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Letter: Rhode Island’s history of refugee mutual aid continues

To the Editor:

I commend Alissa Simon ’25 and The Herald for the Oct. 6 column concerning the expected arrival of Afghans in Rhode Island. The article points out our state’s record of receptiveness and the complications that inevitably arise from cultural and linguistic adjustments facing new arrivals. It also describes the jury-rigged structures that try to enable their transition. Happily, we have a history here of mutual effort working out to the advantage of the community and the refugees.

A hundred years ago, Dorcas International Institute of Rhode Island was a new mutual aid entity responding to fallout from the dismantling of the Ottoman Empire. It helped refugees from the eastern Mediterranean seeking a home here with both their immediate needs of food and shelter and also with learning the language and cultural expectations of their new environment. These were essential for their rapid entry into the workforce and to achieve self-sufficiency. In later decades, Dorcas International facilitated the arrival to our state of those fleeing the rise of Nazism and World War II, the Vietnam War and its aftermath and, more recently, Syria’s turmoil.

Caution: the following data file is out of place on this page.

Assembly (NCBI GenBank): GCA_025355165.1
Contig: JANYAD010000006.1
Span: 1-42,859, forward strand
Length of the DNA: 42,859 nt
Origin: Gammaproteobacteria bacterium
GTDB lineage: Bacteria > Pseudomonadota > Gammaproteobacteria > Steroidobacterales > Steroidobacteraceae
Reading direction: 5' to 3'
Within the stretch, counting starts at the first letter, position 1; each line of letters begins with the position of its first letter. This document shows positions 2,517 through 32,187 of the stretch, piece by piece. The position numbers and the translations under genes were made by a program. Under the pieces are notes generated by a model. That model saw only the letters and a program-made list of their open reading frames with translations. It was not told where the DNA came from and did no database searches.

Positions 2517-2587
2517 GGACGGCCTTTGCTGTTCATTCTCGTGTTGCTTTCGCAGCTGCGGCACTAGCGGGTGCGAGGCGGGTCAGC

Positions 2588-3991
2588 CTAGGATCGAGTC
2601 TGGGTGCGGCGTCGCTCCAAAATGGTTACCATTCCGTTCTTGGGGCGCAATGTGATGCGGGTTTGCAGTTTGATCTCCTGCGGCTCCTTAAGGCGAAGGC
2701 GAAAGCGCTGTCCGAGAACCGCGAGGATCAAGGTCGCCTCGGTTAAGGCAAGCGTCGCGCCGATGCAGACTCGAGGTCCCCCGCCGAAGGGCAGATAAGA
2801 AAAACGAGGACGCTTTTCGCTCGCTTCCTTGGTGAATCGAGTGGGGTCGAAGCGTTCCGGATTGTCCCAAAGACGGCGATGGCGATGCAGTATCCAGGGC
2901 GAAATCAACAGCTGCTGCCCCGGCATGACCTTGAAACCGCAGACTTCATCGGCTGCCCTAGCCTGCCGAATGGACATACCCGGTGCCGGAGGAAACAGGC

Now, the 20-year American involvement in Afghanistan has ended, but its effects are still felt in the forced abandonment of their country by tens of thousands of Afghans upon whom we deeply depended. Those Afghan allies of ours and their endangered families are rightly being given sanctuary after their decades-long service to U.S. interests. As have other refugees, they will enrich and energize our community.


The column is correct in pointing out that in our system, national, state and municipal governments, individually and collectively, are inadequate to meet the challenge of supporting refugees’ transitions. However, there was heartening news in recent days when Congress provided significant financial support for Afghan resettlement in the continuing resolution to keep our government open. Dorcas International and the Roman Catholic Diocese of Providence are expecting approximately 250 Afghans to arrive in the coming months. These organizations will provide their traditional help with immediate concerns such as health matters, lodging and modest survival needs, and then support the next level of adjustment: learning English and preparing for education or employment. But as previous experience has shown, many others contribute to mutual aid and give new arrivals a helping hand. These include congregations, individuals, families and now refugee citizens who are eager to pay it forward with their special insights. There may well be roles for elements of Brown University as well in this enriching work.

Bill Twaddell ’63

Former Interim Director, Dorcas International


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